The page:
We're constantly striving on the offense to become a more complete team and make that a bigger priority. I think our guys feel like we can outscore some people and sometimes that gets in the back of our mind. Sometimes we lose our focus a little bit when we're shooting the ball really well. I think we've got to just try to play complete games and make people play to our standards. "
While California enters its second season under Montgomery with high expectations, Montgomery has his own expectations, too: to learn his system, to become a more balanced team. That means depending on sets, instead of movement. That means reacting to a defense, instead of simply looking for the open man.
On Wednesday night, the Bears depended on set plays early, looking for high percentage shots close to the basket. But all that did was give them a 40-36 lead just one minute into the second half.
With the game too close for comfort, the Bears decided to just open it up. Nearly six minutes in, the Bears went to their familiar fast-paced, look-for-the-open-three offense.
And just like that, a quick 11-0 run put the Bears up 61-44, igniting a second half spark which culminated in a 95-61 California win in front of 7,541 at Haas Pavilion.
In that second half, California outscored Detroit 55-29, shooting 55.6% from 3-point range and 54.8% from the field. That 11-0 run upped the pace, and the Bears simply refused to ease off of the pedal.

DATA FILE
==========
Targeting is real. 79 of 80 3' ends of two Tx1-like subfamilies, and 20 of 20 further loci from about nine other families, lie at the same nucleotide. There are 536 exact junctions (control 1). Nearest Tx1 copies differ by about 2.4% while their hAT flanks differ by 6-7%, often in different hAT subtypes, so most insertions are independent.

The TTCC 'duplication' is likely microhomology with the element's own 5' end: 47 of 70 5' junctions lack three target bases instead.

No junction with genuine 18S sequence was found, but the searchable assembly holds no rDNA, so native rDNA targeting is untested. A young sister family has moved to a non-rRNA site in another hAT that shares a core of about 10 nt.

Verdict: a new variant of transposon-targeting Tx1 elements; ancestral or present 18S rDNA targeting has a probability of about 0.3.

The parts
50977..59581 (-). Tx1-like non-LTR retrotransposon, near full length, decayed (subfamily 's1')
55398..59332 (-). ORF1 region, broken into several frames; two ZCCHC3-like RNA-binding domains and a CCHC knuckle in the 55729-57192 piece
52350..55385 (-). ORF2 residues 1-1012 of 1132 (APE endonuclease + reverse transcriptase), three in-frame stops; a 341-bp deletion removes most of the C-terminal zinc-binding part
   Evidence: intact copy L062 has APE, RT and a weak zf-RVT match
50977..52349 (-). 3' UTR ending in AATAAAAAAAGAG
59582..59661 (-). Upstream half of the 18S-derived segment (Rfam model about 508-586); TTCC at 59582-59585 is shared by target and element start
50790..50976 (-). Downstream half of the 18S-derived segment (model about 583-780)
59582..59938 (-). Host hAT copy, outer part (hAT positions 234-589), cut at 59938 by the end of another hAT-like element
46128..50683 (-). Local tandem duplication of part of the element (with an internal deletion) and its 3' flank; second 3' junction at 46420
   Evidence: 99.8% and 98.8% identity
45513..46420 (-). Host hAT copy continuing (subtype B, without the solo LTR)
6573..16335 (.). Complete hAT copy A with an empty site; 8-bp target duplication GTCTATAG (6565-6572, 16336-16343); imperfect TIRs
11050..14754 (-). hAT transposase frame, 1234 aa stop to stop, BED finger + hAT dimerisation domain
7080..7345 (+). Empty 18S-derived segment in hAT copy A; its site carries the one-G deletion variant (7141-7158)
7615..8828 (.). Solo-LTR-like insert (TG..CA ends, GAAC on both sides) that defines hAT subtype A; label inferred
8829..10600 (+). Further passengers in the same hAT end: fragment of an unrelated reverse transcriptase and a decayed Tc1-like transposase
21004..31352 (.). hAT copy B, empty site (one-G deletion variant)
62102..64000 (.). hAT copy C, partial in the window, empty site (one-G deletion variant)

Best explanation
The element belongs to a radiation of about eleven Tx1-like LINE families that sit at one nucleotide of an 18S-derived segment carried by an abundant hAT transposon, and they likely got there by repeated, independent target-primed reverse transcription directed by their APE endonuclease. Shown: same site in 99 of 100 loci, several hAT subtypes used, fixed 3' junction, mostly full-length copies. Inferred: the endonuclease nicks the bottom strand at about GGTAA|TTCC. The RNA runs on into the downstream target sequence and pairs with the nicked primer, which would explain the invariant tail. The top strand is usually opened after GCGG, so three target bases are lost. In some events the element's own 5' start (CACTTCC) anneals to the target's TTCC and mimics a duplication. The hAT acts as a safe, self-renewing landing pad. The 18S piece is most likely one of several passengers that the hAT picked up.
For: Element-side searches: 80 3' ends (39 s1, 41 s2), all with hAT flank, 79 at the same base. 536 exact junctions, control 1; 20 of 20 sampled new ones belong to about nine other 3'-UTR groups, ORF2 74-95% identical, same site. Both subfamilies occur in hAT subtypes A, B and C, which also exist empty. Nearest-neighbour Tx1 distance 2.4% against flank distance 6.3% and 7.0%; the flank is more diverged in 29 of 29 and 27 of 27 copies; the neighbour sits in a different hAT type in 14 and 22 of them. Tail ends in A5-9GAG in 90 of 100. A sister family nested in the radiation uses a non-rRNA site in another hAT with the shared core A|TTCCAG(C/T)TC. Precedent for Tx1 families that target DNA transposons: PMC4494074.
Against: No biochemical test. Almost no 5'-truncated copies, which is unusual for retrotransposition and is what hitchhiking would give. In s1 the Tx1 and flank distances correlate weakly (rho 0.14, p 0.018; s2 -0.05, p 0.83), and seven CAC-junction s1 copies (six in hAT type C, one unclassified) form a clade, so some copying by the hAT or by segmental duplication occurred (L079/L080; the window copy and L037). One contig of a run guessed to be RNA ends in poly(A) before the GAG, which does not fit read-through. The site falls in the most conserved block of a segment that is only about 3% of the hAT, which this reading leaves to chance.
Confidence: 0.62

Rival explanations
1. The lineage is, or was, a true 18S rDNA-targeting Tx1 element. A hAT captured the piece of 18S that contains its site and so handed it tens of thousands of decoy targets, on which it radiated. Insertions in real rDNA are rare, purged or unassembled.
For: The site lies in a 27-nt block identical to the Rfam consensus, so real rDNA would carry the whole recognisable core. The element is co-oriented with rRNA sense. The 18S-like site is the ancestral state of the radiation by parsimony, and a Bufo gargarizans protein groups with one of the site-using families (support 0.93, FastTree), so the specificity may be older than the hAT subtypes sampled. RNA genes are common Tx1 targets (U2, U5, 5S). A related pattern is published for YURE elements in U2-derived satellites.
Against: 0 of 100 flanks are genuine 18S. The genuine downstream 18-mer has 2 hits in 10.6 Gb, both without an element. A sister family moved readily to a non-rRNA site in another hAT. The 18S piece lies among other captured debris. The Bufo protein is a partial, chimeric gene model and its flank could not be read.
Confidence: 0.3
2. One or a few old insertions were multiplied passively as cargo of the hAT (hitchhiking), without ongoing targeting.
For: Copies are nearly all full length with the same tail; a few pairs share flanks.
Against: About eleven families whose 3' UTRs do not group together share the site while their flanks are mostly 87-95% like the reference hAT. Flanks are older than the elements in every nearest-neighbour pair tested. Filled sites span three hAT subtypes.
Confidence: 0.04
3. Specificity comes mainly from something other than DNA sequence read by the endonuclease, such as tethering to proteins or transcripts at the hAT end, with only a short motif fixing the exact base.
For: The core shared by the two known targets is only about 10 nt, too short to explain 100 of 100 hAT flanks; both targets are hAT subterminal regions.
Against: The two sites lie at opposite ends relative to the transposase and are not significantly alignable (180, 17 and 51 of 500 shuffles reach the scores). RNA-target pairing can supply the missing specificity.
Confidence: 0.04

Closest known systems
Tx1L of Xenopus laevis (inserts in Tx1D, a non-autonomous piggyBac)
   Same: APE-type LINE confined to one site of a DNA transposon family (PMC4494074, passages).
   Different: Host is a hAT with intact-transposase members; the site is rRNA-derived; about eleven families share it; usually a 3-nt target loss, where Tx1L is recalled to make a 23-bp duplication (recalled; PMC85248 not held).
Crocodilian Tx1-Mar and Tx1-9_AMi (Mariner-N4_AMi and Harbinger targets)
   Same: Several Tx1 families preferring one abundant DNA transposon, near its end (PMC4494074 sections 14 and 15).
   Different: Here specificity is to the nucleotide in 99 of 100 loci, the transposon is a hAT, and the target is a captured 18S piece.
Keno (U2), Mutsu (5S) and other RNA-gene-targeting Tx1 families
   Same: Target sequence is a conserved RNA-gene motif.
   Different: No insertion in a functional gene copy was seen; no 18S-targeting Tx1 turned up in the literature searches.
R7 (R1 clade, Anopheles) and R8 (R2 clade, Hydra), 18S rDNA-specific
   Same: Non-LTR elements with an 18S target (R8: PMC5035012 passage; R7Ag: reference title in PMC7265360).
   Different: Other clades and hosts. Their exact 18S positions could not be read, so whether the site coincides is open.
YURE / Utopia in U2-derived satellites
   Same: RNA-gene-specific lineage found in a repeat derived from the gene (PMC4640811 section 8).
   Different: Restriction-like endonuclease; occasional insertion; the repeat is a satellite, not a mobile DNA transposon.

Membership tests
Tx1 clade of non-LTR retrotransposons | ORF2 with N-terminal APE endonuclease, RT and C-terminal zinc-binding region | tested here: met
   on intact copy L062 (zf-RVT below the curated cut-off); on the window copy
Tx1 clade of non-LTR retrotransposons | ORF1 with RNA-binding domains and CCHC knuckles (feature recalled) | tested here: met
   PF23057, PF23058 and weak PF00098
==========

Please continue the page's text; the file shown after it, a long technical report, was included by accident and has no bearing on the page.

So why focus so much on being balanced?
Last year, the Bears led the nation in 3-point shooting at 43% en route to the NCAA Tournament. This year, the Bears return all three of their primary three-point specialists and scorers: guards Jerome Randle and Patrick Christopher, and forward Theo Robertson.
Last year, the Bears struggled to get consistent interior play. This year, center Markhuri Sanders-Frison is a first-year starter after transferring from the JUCO ranks. This year, top backup big man Harper Kamp has been out recovering from knee surgery.
Great perimeter play can open up everything for the guys in the post. Great perimeter play can set up Montgomery's offense. Great perimeter play is a necessary first step to become a complete, all-around team.
And on this night, great perimeter play instigated a dominant second-half rally en route to a blowout.
"It's a process of figuring out who we are and what we do best," Montgomery said.
With all due respect, Coach, the answer is obvious.
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